Spain is the economy least indexed to inflation among the large economies of the European Union (EU). Agents in our country – the State, companies or workers – are generally less linked to price increases, which implies, among other things, a greater vulnerability of families' purchasing power, according to a Moody's classification that compares different aspects of EU countries, such as union density, the percentage of collective agreements that are updated with the CPI (Consumer Price Index), or pensions or public salaries, the energy that is imported or the rigidity of prices –the resistance to variations.
This conclusion of the debt rating agency highlights the weak position of the workers in the income agreement. That is to say, the agreement to share the damage of inflation between them and the companies, which is requested by institutions such as the Bank of Spain or the Government itself, by moderating the growth of wages and limiting the improvement in business margins – the ability to profit from income, which increases with inflation.
According to the variables used by Moody's to compare the EU economies and their link to inflation, workers in Spain start from a position in which they have hard to get more than "pay restraint" before the current bite that suppose the price increases for the consumption capacity. And far away then is the feared spiral of prices and wages, which entails greater permanence of inflation combined with severe risk of recession.
The low union density in our country stands out, which is only lower in France. Barely 12.5% of workers are members of a union. In the neighboring country, 8.9%. This contrasts with 65.2% in Sweden, 49.1% in Belgium or 32.5% in Italy.
A priori, this low union density reduces the bargaining power of the workers, although this can be channeled in other ways, as the Ministry of Labor has shown in recent times through the increase in the Interprofessional Minimum Wage (SMI), the protection of the ERTE or the last labor reform.
What a government cannot achieve is to sign collective agreements linked to the CPI, which Moody's points out are not common in Spain, but neither are they in the rest of the large EU economies. As are the clauses for reviewing wages according to price increases, neither in the private nor in the public sector, with the exception of Belgium.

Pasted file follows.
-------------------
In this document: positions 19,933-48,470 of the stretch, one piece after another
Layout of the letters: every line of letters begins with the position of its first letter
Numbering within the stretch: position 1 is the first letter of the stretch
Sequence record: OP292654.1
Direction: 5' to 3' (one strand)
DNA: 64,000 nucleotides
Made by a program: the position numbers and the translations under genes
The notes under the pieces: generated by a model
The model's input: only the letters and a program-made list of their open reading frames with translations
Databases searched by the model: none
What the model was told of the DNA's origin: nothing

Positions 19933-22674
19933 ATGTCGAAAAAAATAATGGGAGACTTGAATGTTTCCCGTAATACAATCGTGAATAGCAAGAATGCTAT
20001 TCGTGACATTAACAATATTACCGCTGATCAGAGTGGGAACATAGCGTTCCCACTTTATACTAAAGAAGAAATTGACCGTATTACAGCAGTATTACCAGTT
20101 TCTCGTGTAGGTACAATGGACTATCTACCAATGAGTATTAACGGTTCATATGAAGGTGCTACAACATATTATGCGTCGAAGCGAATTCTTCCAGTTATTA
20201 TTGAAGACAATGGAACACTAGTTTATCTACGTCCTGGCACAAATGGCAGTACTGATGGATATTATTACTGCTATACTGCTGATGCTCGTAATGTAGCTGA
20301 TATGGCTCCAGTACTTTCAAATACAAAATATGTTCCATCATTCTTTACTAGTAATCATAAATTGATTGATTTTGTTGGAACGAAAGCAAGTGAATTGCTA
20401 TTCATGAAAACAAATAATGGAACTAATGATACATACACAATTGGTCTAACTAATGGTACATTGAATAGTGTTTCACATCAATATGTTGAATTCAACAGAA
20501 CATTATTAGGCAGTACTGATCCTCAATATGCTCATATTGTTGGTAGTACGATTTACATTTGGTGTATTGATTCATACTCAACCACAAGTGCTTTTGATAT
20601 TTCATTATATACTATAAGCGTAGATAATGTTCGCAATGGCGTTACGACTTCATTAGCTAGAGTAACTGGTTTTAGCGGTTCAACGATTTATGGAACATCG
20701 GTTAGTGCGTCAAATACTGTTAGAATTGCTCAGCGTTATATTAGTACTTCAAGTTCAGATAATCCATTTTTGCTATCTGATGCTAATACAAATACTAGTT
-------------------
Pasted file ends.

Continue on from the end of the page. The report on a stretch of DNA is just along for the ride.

This reality is in force in the meager increases in salaries reflected month by month in collective agreements while inflation runs amok, with special cruelty with the lowest incomesconcentrating the greatest increases in energy and food, which are basic needs that can hardly be stopped consuming. The salary increase agreed until July it stayed at 2.56%, according to data published this Wednesday by the Ministry of Labor. That same month, the IPC advanced 10.8%.
Other figures show the same fact. Salaries grew only 2.9% in large companies in June compared to the same month last year, according to statistics from the Ministry of Finance on 30,000 companies, 40% of workers in our country. In May it was 3.4%, in April 5.5%, in March 4.1%, in February 3.2%. Inflation has not fallen below 7% since that month, and the average forecast of the European Commission for 2022 is 8.1%. In contrast, the sales of these companies increased by 7.6% in June and the pace has been even higher in recent months.
Moody's conclusion also collides with the voices that ask that the update of pensions in 2023 not include the CPI. This link also exists in Italy and Belgium, and "partially" in France, and appears as the only institutional defense against the bite of inflation. The only protected claim.
And, despite the forecast that pension spending will increase by 15,000 million, according to AIReF, the Government maintains the deficit target (difference between State income and expenditure) at 3.9% due to the higher collection that inflation entails, even despite the inevitable slowdown in growth.
Another variable that Moody's measures is the percentage of energy that each country imports with respect to its needs. In this case, Spain is above the average, almost 68%.
The agency also calculates the level of rigidity of prices in the face of variations, which in our country is one of the lowest, which means that the CPI will fall together fairly quickly if the energy crisis and the war end.